Takes effect from pa sage.
Some men get religion and some
men get vaccination. It is wonder
ful ho w many cases there are in which
neither the religion nor the vaccina
OUR JEW YORK LETTER.
The Broadway Underground Arcade
Railroad How It will be Con
slrneted Without Interfering with
Surface Trarel Its Length and
Cost Independence in Journalism,
and the Causes that Lead to It.
From Our Special Correspondent.
New York, April 27. 1883.
It is now almost a certainty that the
construction of an underground ar
cade railroad in this city will be begun
sometime during the present year.
The subject is now before the legis
lature at Albany, with a fair prospect
of becoming a law, and the company
asking for a charter has idready paid
in $400,000, the amount necessary to
make the surveys and other prelim
inary expenses, and given a bond of
8100,000 for the completion of the road
to Forty-second street by 1886. The
plan decided upon for the construction
of the enterprise has been approved
by such engineers as Gen. George
B. McClellan and General
"Wright and Newton of the
United States corps of engineers.
The plan is to construct a basement
street about fifteen feet below the
present sidewalks the entire length
of the proposed route. The upper
pavement will be supported on iron
columns ad girders, with arches be
tween, and completed with a roadbed
and pavement of the best construc
tion. The underground way will be
wide enough to provide for "four rail
way tracks, with sidewalks on either
side for foot passengers. The two
central tracks will be used for quick
through trains, the stations being
about a mile apart, and the two out
side tracks for way travel, the trains
running at a slower speed and stop
ping every two or three blocks. ; At
night, when travel will be largely re
duced, it is intended to use two or
three of the tracks for the transpor
tation of freight. Next to the build
ing on both sides of the road an area
of space six feet inside will be kept
open in order to supply light and air
to the arcade tunnel. Stairways will
lead down from the street to the ar
cade. The company claim that the
present cellars of the stores along the
line can be converted into stores and
that the arcade road will practically
add another story for business pur
poses to the buildings along Broadway.
The road when completed will be
over eleven miles long and its total
cost i s put at $25,000,000. It is as
serted that the construction of the
road can be carried on without inter
ruption to surface travel. To do this
a series of parallel bridges are pro
posed to be used over the street and
the sidewalk, their elevation being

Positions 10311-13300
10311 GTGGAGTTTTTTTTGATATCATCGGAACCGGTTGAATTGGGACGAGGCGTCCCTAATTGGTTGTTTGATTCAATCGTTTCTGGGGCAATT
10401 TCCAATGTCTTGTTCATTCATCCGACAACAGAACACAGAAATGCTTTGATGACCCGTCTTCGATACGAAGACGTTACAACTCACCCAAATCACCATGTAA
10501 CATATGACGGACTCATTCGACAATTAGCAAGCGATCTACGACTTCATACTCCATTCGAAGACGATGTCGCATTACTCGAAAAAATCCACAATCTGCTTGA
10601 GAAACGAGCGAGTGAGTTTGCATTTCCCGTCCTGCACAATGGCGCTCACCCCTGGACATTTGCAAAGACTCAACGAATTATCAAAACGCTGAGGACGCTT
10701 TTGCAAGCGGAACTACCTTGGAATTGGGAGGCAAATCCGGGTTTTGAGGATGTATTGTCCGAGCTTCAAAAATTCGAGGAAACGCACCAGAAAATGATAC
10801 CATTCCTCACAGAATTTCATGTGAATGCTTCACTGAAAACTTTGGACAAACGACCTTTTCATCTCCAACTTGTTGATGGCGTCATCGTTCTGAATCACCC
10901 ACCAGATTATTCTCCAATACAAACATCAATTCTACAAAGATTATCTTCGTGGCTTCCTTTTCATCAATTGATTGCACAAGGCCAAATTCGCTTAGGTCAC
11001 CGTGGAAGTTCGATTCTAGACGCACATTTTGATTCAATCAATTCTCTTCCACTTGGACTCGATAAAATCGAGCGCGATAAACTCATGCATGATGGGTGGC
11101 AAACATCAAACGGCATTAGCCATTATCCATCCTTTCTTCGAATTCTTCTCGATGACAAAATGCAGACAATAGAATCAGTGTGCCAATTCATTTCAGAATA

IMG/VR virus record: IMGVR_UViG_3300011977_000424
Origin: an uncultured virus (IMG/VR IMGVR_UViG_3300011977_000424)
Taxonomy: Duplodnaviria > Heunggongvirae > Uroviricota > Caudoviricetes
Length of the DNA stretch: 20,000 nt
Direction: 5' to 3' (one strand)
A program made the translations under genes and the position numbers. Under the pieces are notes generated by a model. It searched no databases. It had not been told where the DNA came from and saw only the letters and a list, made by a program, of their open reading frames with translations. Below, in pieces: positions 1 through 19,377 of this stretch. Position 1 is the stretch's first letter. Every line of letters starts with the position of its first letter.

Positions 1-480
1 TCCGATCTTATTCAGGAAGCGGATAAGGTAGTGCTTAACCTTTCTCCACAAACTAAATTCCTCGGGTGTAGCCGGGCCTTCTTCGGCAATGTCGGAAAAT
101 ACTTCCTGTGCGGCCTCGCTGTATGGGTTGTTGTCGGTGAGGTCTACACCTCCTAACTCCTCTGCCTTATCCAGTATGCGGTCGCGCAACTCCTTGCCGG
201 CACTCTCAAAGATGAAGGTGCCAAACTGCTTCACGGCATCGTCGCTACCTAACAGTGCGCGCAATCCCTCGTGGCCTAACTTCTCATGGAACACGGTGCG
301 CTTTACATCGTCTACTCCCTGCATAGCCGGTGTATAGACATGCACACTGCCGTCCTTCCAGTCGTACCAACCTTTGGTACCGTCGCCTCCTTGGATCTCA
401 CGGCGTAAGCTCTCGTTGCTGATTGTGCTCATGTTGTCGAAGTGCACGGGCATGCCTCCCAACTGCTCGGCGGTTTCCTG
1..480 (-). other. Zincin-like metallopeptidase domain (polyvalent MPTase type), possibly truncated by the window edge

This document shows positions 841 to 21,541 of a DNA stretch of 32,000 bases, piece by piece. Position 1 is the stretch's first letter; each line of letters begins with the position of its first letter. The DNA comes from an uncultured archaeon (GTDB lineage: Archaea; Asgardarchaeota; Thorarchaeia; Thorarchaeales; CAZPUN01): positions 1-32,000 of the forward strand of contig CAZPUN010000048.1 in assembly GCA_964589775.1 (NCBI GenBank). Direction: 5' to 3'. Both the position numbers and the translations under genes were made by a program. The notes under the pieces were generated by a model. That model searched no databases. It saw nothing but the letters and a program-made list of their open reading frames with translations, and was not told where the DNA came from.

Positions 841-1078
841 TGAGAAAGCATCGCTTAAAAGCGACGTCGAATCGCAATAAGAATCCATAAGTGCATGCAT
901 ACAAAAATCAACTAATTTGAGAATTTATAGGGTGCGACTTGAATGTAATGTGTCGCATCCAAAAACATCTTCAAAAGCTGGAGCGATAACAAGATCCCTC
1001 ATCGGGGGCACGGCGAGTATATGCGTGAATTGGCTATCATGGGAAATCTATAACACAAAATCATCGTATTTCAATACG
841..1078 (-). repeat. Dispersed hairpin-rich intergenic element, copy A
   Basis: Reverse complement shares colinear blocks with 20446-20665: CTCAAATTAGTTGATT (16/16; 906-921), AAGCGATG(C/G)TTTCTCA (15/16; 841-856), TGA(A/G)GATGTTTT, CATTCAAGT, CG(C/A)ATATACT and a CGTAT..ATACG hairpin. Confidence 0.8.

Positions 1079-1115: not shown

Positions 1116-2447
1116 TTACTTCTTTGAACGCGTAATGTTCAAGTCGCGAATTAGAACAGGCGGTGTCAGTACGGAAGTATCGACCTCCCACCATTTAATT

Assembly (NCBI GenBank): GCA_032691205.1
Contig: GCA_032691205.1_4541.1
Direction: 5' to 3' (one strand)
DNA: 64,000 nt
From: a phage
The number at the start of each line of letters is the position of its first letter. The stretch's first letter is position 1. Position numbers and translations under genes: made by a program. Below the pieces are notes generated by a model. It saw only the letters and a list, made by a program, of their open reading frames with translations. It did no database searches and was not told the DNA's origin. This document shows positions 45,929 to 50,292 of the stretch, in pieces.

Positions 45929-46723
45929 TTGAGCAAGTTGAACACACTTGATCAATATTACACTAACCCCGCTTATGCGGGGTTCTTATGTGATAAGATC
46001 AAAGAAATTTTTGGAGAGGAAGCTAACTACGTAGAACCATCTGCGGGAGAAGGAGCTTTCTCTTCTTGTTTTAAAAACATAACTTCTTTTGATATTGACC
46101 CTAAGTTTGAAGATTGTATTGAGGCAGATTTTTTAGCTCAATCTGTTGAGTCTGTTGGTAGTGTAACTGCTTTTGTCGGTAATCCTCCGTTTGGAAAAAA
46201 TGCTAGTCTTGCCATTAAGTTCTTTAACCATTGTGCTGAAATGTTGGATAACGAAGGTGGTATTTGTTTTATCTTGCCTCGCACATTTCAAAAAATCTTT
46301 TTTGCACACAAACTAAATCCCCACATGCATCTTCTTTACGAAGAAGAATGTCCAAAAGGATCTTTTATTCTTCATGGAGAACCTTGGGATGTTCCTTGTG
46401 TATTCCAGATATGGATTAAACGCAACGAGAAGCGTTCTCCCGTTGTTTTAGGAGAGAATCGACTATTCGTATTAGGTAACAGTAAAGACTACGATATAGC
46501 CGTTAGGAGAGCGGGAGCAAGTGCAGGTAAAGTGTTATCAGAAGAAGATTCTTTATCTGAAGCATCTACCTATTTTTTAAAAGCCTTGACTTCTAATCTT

about four feet, with sloping ap
proaches at each end. The bridges
will be removed and replaced at night
as the work progresses. The surplus
material taken out of the street and
the new material required are all in
tended to be removed through the
completed sub-way without in any
case using the street. The plan also
provides for the placing of the new
pipes and sewers in the sub-way with
out interrupting the supply of water
and gas, or the discharge of the sew
age. The company recognize the
great expense and responsibility they
must assume in the construction of
so difficult and gigantic an enterprise,
and they assert that the raising of the
necessary money is the least of their
troubles. When the reader remem
bers that New York now has four
elevated rapid transit railroads run
ning on lines parallel to this
preferred arcade road, and almost
countless surface ' roads, he will
be impressed with the idea that there
is no limit to the demand constantly
made on New York for new and im
portant enterprises that will facilitate
trade and travel. There is no. city on
this continent that requires or can af
ford the varied gigantic -enterprises
and the ' immense' business houses,
towering up eleven stories high and
costing a round million, that are an
absolute necessity, here. New York
to-day is not what it was before the
war, when the Astor house and Stew
art's store were the pride of the city.
To-day these plain structures sink
into insignificance as compared
to the best now to be
seen. No shrewd New York
capitalist now thinks of putting up a
business house that is not at least six
stories high, with a basement and sul
cellar, and many ot them carry them
up nine and eleven stories high, The
interior of these great structures are
elaborately finished in marble and are
almost a world within themselves,
Some of them contain 300 offices
above the ground floor and more than
a thousand people nnd employment
in them. The upper stories are just
as desirable and accessible as the sec
ond andthird,f or the two to four eleva
tors afford occupants transportation
up or down every minute in the dav,
A janitor and watchman are always
in attendance and the whole building
is kept as clean and nice as a parlor.
INDEPENDENCE IN JOURNALISM.